The incredible, harrowing life of pianist Santiago Rodriguez

Santiago Rodriguez

It was one of the more intriguing operations in America's long, difficult relationship with Cuba: the two-year airlift known as Operation Peter Pan, designed to remove more than 14,000 children from Fidel Castro's communist regime and take them to freedom in Miami.

Without their parents.

Pianist Santiago Rodriguez was one of those children back in the early 1960s. The experience wasn't exactly what his family had anticipated.

"It was sponsored by the U.S. government and the Catholic Church, and my parents agreed to send me because they thought there was no way the revolutionary government would last," Santiago said in a recent telephone interview.

"They thought it would only be a matter of weeks until Castro was out of power," he said. "But as it turned out, I wouldn't see my parents again until I was 14 years old."

A graduate of the Juilliard School and a veteran of Carnegie Hall, Rodriguez will perform Rachmaninoff's Piano Concerto No. 1 with Lancaster Symphony Orchestra during its upcoming "Rachmaninoff & 1001 Arabian Nights" concert weekend, which opens Friday, May 22, at Fulton Opera House in downtown Lancaster.

After Rodriguez and the other children were brought to Miami, Catholic Charities worked to place them in orphanages and foster homes.

Rodriguez, along with his brother, were sent to Madonna Manor in New Orleans.

"I grew up in the shadow of the levees, but I can say that, being raised in a Catholic orphanage, I had an orderly life, and the church encouraged my playing," Rodriguez said. "It was hard on my parents, though. For one thing, before the revolution we had been rather wealthy, and with the coming of Castro all that money and stability disappeared."

Because Rodriguez's father was a surgeon and thus deemed valuable to the state, it was impossible for his family to leave Cuba even to visit him. "The only thing my family could do was wait until my father got old enough to retire," he said. "Then, once he was no longer useful, they let him leave and settle in an 'approved' country, which in his case turned out to be Spain."

Once Rodriguez's parents arrived in Spain, they immediately petitioned Madrid to let them emigrate to the United States to settle in New Orleans, where they were finally able to see their sons six years after they had put them on a plane to Miami.

Meanwhile, Rodriguez had enrolled at Holy Cross Boarding School in New Orleans and was busy honing his musical talent, preparing for a Juilliard audition following his debut as a teenager playing a Mozart's piano concerto with the New Orleans Philharmonic.

"Those last years after my parents came were hard. My father had to start working again, but since he had a degree from abroad, the only job he could find was as an X-ray technician at Charity Hospital," he said. "It was just very difficult for everybody."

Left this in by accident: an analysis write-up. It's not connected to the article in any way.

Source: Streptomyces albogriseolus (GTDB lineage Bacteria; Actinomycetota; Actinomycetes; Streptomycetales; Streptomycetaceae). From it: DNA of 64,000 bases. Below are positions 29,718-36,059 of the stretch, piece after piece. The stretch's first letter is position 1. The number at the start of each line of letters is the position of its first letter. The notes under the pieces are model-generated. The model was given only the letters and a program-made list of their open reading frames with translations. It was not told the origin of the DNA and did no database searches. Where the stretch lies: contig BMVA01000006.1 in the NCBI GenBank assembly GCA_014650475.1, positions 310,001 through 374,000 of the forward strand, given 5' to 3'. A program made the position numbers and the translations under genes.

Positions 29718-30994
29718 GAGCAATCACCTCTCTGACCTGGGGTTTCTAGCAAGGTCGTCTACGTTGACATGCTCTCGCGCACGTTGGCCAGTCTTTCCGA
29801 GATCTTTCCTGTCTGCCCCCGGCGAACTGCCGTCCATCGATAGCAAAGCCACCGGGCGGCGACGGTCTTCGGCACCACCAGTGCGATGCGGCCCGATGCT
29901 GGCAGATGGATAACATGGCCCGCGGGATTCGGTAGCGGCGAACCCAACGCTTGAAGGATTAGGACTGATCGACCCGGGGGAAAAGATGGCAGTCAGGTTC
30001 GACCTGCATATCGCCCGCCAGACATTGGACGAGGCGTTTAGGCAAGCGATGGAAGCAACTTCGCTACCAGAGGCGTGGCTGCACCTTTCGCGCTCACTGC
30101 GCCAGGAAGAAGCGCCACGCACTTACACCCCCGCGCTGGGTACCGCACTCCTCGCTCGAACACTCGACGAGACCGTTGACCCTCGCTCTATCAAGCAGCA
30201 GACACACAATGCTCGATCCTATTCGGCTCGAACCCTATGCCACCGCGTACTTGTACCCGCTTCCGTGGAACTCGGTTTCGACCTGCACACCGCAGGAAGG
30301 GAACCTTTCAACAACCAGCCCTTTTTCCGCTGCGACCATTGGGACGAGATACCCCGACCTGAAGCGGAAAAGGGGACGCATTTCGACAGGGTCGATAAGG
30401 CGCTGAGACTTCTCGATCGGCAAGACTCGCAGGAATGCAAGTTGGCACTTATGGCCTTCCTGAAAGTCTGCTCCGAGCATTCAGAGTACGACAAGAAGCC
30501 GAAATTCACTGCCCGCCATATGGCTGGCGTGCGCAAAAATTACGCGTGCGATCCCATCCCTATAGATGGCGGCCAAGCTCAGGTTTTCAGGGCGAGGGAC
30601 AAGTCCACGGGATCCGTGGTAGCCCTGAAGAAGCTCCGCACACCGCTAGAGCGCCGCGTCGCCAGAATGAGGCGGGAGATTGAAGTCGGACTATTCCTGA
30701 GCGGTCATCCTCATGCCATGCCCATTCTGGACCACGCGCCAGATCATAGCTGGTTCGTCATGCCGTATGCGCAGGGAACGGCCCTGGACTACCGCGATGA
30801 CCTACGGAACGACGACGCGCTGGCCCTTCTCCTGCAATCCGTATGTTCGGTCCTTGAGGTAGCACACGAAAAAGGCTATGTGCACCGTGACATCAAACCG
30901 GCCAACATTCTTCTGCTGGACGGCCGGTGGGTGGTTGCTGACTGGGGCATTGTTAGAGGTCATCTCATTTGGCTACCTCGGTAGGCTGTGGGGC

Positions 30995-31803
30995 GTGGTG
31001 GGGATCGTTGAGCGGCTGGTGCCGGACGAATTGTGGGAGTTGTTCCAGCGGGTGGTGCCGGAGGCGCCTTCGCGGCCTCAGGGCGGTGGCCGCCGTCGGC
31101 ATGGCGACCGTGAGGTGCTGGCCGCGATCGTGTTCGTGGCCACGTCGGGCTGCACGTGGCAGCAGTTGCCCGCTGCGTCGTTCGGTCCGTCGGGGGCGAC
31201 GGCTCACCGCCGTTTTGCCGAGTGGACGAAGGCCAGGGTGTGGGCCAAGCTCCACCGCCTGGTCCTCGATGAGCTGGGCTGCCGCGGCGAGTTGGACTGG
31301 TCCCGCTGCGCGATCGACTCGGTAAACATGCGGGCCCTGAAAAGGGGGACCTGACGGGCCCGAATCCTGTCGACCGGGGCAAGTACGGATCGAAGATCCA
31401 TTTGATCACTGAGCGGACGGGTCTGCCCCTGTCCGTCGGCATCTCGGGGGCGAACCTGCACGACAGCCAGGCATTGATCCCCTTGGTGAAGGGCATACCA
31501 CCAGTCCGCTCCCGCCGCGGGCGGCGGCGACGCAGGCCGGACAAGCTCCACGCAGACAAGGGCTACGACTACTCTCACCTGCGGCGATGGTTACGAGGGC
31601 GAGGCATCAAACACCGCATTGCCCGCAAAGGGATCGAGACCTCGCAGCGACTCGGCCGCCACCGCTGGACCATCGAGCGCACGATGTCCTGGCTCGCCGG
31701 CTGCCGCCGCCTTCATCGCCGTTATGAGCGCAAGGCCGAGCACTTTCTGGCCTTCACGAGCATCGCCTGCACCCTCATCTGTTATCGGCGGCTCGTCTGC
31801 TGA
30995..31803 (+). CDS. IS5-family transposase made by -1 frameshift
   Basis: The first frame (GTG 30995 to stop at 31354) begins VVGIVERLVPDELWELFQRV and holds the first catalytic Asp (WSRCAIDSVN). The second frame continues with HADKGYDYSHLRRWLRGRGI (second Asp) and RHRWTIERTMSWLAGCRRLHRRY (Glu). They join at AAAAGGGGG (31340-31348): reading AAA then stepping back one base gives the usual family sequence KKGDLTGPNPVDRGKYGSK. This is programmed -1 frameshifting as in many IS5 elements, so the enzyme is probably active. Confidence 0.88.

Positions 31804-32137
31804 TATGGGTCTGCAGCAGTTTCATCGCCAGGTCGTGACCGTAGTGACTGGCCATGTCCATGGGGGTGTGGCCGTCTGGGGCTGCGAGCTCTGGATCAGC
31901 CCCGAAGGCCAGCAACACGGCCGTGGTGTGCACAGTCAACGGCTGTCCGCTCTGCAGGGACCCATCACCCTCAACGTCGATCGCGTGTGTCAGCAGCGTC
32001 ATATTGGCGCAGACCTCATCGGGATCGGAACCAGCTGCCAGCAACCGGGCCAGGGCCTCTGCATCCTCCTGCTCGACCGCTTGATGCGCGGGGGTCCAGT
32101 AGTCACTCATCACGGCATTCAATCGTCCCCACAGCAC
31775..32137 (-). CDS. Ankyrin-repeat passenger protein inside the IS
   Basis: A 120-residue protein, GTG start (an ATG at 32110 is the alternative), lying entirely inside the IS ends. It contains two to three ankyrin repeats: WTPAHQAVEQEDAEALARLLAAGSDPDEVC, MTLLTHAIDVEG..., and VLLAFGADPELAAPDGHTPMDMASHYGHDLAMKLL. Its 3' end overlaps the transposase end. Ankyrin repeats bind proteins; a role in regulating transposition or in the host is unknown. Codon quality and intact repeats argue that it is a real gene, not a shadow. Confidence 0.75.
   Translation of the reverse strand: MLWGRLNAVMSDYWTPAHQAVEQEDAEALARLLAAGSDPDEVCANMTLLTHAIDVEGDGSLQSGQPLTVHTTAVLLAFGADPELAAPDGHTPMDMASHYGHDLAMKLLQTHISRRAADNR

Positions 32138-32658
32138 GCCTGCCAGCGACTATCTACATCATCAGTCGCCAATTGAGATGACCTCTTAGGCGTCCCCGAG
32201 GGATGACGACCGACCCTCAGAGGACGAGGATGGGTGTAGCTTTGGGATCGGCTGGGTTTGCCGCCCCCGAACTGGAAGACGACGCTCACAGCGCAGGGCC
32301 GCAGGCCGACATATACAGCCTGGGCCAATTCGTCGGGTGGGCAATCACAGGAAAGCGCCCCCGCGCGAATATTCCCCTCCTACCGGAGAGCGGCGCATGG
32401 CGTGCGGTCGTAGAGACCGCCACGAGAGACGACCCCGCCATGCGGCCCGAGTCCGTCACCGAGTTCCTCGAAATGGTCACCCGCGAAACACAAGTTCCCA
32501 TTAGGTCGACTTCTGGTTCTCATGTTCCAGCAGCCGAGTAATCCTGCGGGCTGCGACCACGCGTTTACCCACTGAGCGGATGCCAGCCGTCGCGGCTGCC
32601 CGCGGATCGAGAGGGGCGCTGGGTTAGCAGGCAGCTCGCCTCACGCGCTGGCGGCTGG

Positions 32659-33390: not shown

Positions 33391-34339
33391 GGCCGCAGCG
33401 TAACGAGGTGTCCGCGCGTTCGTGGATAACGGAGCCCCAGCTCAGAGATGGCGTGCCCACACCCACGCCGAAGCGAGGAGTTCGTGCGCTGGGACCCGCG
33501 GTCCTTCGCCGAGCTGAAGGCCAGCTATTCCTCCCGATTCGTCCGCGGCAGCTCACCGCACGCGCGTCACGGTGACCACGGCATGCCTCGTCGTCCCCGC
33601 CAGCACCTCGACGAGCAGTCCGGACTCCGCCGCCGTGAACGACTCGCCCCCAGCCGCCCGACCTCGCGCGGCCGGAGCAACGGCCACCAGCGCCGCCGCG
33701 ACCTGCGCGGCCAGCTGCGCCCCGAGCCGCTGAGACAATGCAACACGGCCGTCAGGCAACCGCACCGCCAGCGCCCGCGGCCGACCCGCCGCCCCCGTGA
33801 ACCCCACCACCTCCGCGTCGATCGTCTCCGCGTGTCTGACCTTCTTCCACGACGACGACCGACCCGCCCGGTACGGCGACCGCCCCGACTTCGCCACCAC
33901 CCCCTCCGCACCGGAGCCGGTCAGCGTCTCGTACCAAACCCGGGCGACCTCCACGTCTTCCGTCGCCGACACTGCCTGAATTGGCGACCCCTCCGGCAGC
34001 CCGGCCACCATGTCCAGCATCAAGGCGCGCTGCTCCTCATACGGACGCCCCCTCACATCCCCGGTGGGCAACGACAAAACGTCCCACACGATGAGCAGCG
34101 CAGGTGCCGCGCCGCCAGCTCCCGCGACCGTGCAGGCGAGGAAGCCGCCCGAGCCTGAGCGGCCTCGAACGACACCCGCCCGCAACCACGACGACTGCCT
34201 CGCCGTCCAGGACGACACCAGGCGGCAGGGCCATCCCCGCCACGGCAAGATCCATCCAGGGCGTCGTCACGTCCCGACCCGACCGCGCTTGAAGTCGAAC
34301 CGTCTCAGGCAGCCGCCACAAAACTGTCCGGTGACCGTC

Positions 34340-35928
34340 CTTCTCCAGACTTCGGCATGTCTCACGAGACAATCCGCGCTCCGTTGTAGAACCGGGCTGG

Winning a scholarship to Juilliard, Rodriguez eventually moved to New York and began his professional career with a second-place finish at the prestigious Van Cliburn International Piano Competition. In the meantime, his parents left New Orleans and retired, again, to new lives in Florida.

Since then, Rodriguez has gone on to perform with symphonies from Berlin to Finland to Montreal, and has made numerous appearances on PBS and the BBC. In 1993, Rodriguez's unique life and artistry were profiled on "CBS Sunday Morning with Charles Kuralt."

Following the devastation of New Orleans in 2005, Rodriguez got a call from a schoolmate who had gone back to the Ninth Ward to report that almost everything Rodriguez had known from his childhood in the orphanage was gone.

"Me, personally, I don't want to go back. I don't want to see what happened," he said. "From what my schoolmate said, it's like a war came through, and I'm just worried I'd feel too much of a sense of loss that the place where I spent my childhood is gone."

"When you get older," he said, "everything just gets tougher to take."

Today, Rodriguez concentrates instead on life's artistic challenges - playing the Rachmaninoff concerto, for instance.

Sergei Rachmaninoff was a tall man with large hands, and it was easy for him to stretch to reach distant keys. When smaller people attempt to play what Rachmaninoff wrote, Rodriguez said, it "can be a real physical challenge on smaller hands."

"But I do love the piece. It's warm and lush and very romantic. ... The trick in playing Rachmaninoff is that if you linger too long on the notes, that romanticism starts to turn into sloppy sentimentality," he said. "You have to be very precise when you play his work, always remembering, above all, to be crisp."

Lancaster Symphony's "Rachmaninoff & 1001 Arabian Nights" concert runs Friday through Sunday, May 22-24, at Fulton Opera House, 12 N. Prince St., in downtown Lancaster. For tickets and showtimes, call 397-7425 or visit